You’ve perhaps seen me mention the phrase “paranoid style” a couple of times recently. I’ve been reminded of that term coined by the historian Richard Hofstadter when reading some comments left here recently and comments elsewhere. Hofstadter’s essay, “The Paranoid Style in American Politics” is one of the most insightful works I know on the the modes of expression we see in birthers. Just to pique your interest, let me quote from Hofstadter:
In the paranoid style, as I conceive it, the feeling of persecution is central, and it is indeed systematized in grandiose theories of conspiracy. But there is a vital difference between the paranoid spokesman in politics and the clinical paranoiac: although they both tend to be overheated, oversuspicious, overaggressive, grandiose, and apocalyptic in expression, the clinical paranoid sees the hostile and conspiratorial world in which he feels himself to be living as directed specifically against him; whereas the spokesman of the paranoid style finds it directed against a nation, a culture, a way of life whose fate affects not himself alone but millions of others. Insofar as he does not usually see himself singled out as the individual victim of a personal conspiracy, he is somewhat more rational and much more disinterested. His sense that his political passions are unselfish and patriotic, in fact, goes far to intensify his feeling of righteousness and his moral indignation.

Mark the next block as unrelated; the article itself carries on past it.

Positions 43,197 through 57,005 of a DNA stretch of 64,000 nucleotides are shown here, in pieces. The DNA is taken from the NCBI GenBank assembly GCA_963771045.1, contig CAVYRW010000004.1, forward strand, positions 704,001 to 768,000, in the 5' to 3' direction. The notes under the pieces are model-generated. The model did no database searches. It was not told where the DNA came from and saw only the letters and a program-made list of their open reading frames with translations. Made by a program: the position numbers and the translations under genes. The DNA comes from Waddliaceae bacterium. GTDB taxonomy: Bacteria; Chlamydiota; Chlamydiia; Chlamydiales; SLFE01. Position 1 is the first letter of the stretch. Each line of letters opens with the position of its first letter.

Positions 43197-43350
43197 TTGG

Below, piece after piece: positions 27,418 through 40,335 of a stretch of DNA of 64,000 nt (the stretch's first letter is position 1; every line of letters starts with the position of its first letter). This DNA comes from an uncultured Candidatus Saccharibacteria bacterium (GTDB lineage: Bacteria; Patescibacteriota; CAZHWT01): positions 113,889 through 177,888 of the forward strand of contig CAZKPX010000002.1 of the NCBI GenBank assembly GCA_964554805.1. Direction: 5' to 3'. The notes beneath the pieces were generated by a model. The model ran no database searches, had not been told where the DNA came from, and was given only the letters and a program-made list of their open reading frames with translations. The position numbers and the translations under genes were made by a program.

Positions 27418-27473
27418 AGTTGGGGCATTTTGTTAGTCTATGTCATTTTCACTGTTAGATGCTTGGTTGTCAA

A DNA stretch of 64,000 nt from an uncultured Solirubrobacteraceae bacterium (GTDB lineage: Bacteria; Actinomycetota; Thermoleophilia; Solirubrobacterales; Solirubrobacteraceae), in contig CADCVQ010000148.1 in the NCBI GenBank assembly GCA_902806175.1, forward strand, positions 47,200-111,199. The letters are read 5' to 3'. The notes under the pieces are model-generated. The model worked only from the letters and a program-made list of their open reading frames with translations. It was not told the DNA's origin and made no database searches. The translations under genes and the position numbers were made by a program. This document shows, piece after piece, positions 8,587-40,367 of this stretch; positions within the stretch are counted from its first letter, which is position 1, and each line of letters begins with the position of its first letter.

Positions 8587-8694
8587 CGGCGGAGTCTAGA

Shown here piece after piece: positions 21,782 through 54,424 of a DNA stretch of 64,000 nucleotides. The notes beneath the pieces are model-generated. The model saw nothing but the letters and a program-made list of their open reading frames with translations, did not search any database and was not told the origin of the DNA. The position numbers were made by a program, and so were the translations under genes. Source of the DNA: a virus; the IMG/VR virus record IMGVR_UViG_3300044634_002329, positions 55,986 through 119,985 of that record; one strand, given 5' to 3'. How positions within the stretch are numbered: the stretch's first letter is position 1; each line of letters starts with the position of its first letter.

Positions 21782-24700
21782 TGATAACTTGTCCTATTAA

Fit anybody you know?